“Where are you from?” is a question everyone is likely to be asked at some point in their lives. It’s also an increasingly common question as people live, study and work across the globe.
Our study looked at how 642 Australian adolescents from Queensland and Victoria respond to the question “where are you from?”, and why they respond as they do to help explain why this question can cause so much misunderstanding.
The answer lies in the different ways this question can be interpreted, the amount of information adolescents feel they want to provide, and why people think they are being asked the question in the first place.
There are four important factors that affect how young people responded.
Those four words have multiple layers of meaning. At one level, the question may have relatively little to do with physical location – it’s simply a way of starting a conversation (“wher’re you from mate?”).
For these people, a valid answer could include “Heaven on Earth”. Others see the question as a request for a location. For these people, a vague response such as “from the middle of nowhere” would not be satisfactory.
Even individuals who interpret the question as a request for a physical location may not think about location in the same way. Some people may zoom out (“I’m from down under”). Others may zoom in (“Bendigo, Calgully”).
Responses also depend on the context of the discussion:
In a different country, I would say ‘Australia’ if overseas.
They may also relate to one’s personal identity:
I would say Victoria. I don’t like to give away too much information about myself.
Melbourne, Victoria, Australia – because I want to be known as a city kid and not a bogan.
Personal connections with place help convey a sense of belonging (“Australia, mate! Say it with enthusiasm as people know Australia is a great place”). One’s sense of belonging can be reinforced by adding Aussie slang or by shortening the name of the place in the typical Australian fashion (such as “Rocky” for Rockhampton).
Belonging can also be tied to language. In particular, the Aussie English accent (“Tasmania, because everyone asks about my Tassie accent”). A response that ties belonging to English can be quite unnerving for anyone who speaks a language other than English, or speaks English with an accent other than the Australian accent. They may feel like they don’t belong.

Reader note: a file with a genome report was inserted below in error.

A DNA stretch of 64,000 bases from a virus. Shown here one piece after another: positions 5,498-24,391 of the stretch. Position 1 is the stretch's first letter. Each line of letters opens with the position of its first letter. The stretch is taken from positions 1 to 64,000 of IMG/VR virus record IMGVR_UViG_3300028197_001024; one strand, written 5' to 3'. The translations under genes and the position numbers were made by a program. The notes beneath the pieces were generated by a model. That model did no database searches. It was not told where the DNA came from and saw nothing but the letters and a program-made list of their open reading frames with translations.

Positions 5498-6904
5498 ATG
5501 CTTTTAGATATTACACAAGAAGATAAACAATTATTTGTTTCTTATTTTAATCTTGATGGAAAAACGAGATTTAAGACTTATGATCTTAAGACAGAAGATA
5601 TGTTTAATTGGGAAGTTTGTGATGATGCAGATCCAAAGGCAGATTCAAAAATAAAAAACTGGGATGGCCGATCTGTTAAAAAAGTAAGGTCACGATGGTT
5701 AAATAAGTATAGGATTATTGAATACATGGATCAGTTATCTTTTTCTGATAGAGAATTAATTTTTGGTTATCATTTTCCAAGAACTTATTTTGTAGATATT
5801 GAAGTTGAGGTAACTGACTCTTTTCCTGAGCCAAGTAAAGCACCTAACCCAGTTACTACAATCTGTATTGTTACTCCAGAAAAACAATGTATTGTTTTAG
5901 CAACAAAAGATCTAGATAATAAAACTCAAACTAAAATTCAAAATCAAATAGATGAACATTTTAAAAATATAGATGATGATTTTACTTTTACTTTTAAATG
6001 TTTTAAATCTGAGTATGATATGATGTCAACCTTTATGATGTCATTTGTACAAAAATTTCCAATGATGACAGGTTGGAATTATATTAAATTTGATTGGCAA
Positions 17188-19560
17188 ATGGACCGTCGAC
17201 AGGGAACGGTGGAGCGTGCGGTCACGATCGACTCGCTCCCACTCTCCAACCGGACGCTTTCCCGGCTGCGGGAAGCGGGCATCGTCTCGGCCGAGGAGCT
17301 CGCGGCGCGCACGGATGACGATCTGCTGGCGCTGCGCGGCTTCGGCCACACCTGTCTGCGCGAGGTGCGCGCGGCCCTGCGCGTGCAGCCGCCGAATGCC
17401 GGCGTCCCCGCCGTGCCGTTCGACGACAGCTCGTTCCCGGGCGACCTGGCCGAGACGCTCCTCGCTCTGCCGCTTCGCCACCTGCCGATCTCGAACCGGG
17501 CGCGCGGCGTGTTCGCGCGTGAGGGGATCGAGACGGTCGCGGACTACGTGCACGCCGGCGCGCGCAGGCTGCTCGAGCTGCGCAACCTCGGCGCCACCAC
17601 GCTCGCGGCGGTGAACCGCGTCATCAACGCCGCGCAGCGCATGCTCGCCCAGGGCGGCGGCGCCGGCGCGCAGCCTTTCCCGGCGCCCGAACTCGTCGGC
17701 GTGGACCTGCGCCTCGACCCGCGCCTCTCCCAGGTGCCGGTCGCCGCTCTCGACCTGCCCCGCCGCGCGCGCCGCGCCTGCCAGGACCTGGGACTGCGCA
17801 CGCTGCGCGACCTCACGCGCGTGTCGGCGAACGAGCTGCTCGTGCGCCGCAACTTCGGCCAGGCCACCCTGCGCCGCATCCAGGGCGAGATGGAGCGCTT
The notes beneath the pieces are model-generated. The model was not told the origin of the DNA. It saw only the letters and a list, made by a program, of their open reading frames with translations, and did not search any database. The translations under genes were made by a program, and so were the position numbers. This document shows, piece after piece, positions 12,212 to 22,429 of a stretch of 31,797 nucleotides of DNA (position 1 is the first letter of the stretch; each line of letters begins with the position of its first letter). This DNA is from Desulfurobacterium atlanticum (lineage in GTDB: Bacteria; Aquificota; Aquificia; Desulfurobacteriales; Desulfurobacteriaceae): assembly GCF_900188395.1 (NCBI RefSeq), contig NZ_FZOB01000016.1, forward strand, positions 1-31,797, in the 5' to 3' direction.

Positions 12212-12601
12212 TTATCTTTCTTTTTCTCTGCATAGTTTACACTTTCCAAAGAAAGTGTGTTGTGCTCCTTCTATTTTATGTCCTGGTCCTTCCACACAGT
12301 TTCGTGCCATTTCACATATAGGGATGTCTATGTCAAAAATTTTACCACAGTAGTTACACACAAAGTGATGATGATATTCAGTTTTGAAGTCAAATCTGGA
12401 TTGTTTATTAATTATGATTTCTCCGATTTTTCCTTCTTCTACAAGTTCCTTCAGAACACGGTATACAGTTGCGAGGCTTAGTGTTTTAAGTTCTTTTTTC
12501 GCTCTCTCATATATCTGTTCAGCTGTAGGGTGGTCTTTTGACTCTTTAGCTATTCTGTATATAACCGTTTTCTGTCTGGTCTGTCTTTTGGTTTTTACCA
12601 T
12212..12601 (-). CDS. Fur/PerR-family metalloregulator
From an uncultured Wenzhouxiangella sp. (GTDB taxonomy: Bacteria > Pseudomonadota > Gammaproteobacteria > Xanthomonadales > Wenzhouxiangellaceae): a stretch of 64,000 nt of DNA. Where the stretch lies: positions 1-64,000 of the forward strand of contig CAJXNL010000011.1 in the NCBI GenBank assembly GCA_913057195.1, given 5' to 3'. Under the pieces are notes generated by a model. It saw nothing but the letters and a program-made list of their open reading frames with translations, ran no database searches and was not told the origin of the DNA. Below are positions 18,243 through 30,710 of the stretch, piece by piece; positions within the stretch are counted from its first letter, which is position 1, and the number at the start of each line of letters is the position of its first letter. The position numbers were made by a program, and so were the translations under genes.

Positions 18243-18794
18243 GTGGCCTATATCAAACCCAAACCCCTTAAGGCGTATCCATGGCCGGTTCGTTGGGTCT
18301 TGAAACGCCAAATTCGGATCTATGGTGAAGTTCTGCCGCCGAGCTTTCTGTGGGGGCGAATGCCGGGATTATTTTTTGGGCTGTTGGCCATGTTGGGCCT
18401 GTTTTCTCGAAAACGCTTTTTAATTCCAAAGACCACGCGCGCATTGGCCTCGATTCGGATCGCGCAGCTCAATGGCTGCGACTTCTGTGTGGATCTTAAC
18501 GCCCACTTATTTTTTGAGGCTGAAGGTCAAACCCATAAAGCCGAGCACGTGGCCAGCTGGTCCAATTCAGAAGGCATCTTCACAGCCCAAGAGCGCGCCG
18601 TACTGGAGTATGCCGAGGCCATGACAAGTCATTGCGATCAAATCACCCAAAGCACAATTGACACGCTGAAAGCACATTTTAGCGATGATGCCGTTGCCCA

For some, place identity may also be associated with one’s broader family identity (“Australia because I was born in Australia and so were my parents” or “from Australia as seven generations have been from here”).
A response of this type can also be unsettling for new Australians who may voice this in their own responses to the “where are you from” question through a “but” statement as in “Australia, but parents from Malaysia”, or “I was born here, but I’m part Dutch”.
Alternatively, others may present their dual identity with a more confident “with” statement (“I am Australian with Greek heritage”). You may want to listen out for these prepositions to help you understand how migrants position themselves as Australians.
Still others, when asked where they’re from, may not focus on the words but on the reason they have been asked the question. They may assume it’s because they look or speak differently:
Australia but my dad is from Hong Kong, hence the skin and hair colouring.
I say I have Papua New Guinean heritage but I am Australian, because people want an explanation about who I am.
This may be the reason many white Australians in Australia are not asked this question as frequently. One Australian adolescent in our study on place identity talked about the issue this way:
Australia because I was born here and as a white person I’m unlikely to be asked where I’m from “originally”.
Finally, individuals can interpret the “where from” question in temporally different ways. For some, the answer is timeless (“Australia!”). For others, it’s connected with memories and embraces the past (“Australia because I was born and raised here”).
A focus on the past may also cause new Australians to question their status as Australians. So perhaps, in the spirit of inclusion for migrants, children of migrants and minority groups, we need to think about how we respond to the “where are you from” question and think about a response that relates to the present: “Australia, because I live here, not because I was born here”.
Donna Starks does not work for, consult, own shares in or receive funding from any company or organisation that would benefit from this article, and has disclosed no relevant affiliations beyond their academic appointment.